We had Nzinga and the Southern areas of Africa as well that was fighting its resistance against European invasion. All the way up until the 17th Century men like Umar Tall, Sheikh Uthman Dan Fodiod and Umar Futi as well as Ahmed Lobo. And then we had the courageous wars, which took place in 1884 under the armies of Muhammad Ahmed, Ibn Abdullahi of the Sudan as well as Muhammad Abdullahi al Hassan of Somalia. And then we had in 1903 finally, the wars that took place between the Sokoto Empire.

“The man that enslaves you doesn’t get a medal for stopping enslavement—You not supposed to enslave people in the 1st place” – Shahadah

Probably about one in ten slaving voyages experienced major rebellions, of which the attempts to control increased the costs of a slave voyage to the point where far fewer slaves entered the traffic than would have been the case without resistance. In addition, vessels from some regions on the coast appear to have been more prone to experience slave uprisings than those from other regions. So the Africans did not acquiesce colonialism, nor did they acquiesce towards slavery, they fought at every point. The image of Europeans as the liberators of African (as if Africans just waited by the river watching the clouds go by) is part of the take-away from Africans as agents. And in fact when the slaves were landing in the Western hemisphere in Bahia Brazil you saw the emergence of jihad movements. You saw the emergence of men like Muhammad Sambo who led a two-month jihad in the Louisiana territories in North America. Men like Nat Turner and other men who refused to submit to slavery. The Haitian Revolution as well. Men like Macantow. So The Africans never acquiesce to slavery in fact we can say this year that the whole concept of freedom that the American thirteen colonies had, they got that concept of freedom and liberty from the African resistance movement that took place in the Western Hemisphere.

What did the Slave Master learn from Bahia et al? That it was critical to separate the African (the one who just arrived with a memory of home) from the conditioned slave (the one born into enslavement). Teaching the conditioned slave to hate anything African, anyone who remembers another home is dangerous to the designs of slavery.

“If any one or more of them, at any time, are inclined to raise their heads to a level with their master or overseer, humanity and their own good requires that they should be punished until they fall into that submissive state which was intended for them to occupy. They have only to be kept in that state, and treated like children to prevent and cure them from running away” – Samuel A. Cartwright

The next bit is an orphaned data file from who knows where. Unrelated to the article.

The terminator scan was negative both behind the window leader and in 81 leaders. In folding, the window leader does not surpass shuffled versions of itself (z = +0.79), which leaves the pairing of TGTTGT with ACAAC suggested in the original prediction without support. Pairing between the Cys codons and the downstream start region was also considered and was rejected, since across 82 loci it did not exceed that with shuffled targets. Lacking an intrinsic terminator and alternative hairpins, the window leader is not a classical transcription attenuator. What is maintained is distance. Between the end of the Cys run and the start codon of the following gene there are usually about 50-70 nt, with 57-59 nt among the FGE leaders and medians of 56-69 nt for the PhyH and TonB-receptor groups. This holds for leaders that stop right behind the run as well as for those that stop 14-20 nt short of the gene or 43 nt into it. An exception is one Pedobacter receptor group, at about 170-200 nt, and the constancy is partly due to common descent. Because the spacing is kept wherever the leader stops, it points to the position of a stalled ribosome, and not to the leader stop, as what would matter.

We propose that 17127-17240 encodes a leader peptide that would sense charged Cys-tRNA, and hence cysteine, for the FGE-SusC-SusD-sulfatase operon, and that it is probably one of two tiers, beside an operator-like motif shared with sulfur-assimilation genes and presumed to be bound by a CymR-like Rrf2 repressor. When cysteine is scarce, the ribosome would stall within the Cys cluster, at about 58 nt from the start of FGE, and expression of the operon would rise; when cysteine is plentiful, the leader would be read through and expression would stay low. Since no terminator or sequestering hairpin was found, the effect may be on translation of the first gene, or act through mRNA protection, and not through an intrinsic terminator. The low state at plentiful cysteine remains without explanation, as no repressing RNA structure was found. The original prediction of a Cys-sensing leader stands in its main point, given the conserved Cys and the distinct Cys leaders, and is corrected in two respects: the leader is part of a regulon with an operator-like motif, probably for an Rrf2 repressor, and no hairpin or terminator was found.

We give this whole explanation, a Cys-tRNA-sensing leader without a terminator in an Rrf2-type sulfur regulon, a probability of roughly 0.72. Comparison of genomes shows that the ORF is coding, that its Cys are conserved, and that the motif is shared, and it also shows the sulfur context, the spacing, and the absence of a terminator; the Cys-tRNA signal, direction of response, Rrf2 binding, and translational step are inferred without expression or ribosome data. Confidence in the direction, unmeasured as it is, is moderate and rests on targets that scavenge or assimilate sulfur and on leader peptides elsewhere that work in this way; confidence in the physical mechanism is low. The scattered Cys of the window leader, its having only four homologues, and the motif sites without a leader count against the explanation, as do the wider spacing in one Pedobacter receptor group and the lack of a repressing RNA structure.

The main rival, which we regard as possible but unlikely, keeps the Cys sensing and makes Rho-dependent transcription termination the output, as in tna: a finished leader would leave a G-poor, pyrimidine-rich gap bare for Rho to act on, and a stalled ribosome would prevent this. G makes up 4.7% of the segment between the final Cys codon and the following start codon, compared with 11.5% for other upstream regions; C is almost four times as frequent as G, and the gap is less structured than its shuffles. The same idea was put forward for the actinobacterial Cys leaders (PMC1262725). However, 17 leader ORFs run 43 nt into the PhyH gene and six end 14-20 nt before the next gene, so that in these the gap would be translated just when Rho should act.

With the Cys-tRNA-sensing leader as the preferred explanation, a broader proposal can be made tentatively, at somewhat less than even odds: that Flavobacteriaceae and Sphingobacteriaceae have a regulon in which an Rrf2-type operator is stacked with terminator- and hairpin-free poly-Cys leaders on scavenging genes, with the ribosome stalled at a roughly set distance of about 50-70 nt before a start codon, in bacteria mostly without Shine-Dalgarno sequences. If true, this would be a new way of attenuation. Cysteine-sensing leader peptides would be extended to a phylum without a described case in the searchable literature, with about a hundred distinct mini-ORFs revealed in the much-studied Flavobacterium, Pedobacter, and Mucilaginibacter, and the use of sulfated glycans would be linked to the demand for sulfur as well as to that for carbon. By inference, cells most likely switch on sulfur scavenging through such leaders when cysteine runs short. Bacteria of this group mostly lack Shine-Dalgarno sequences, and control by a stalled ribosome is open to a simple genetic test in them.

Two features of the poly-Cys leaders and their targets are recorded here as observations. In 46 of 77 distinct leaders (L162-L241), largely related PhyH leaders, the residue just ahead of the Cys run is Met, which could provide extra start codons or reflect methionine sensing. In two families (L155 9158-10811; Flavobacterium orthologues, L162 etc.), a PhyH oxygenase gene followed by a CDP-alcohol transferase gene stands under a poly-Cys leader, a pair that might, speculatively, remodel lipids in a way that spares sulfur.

Drapetomania was a supposed mental illness described by American physician Samuel A. Cartwright in 1851 that caused African slaves to flee captivity. So ingrained was the notion of Africans only purpose being in the capacity as slaves, it was seen as unnatural and a sickness that would cause them to want to escape slavery. And today we must ask what has really changed? Africans in America seeking to rename their children in the African traditions, or seek African ways of life, African religions, or African culture, are seen as “confused.”

“WHO SOLD US OUT?”

“The fact of the dual involvement of Europeans and Africans in the slave trade did not imply equal partnership, but rather parallel lines of activity originating from different cultural and political space” – Anne C. Bailey

In popular circles there is a “Who sold us into slavery?” debate that has been raging for years. It however has done little to advance a pure understanding of the African reality. It has always been used to divide African loyalty, and foster further distrust in Pan-African communities: by targeting certain countries, ethnic groups or religious groups. If African people are to heal and come to terms, and hence grow and reach a higher potential, it is impossible to avoid this issue for it will stymie Pan-African development. Understanding this notion of “Selling out” is critical aspect of the African Holocaust.

Now who did the “selling out” is not a binary Diaspora vs Continental issue. The “selling out” personality was on the boats that carried Africans to the New World, it was on the plantations, it followed its way into current leadership in Africa and the America’s: It lives in the heart of all those who try to fragment Africans by location, tribe and religion. It creates distrust and suspicion around great works, and leads Africans into nothingness rather than glory. It tries to suggest patterns of “selling out” to create distrust to further the political agenda of certain groups: “Oh it was the Christians that sold us out.” But the historical record clears both Islam and Christianity as the primary agent involved in “selling out” Africans to the Atlantic or even Arab slave trade. So what we are left with is the 100% agency of African people: Africans as free people, uninfluenced doing Holocaust.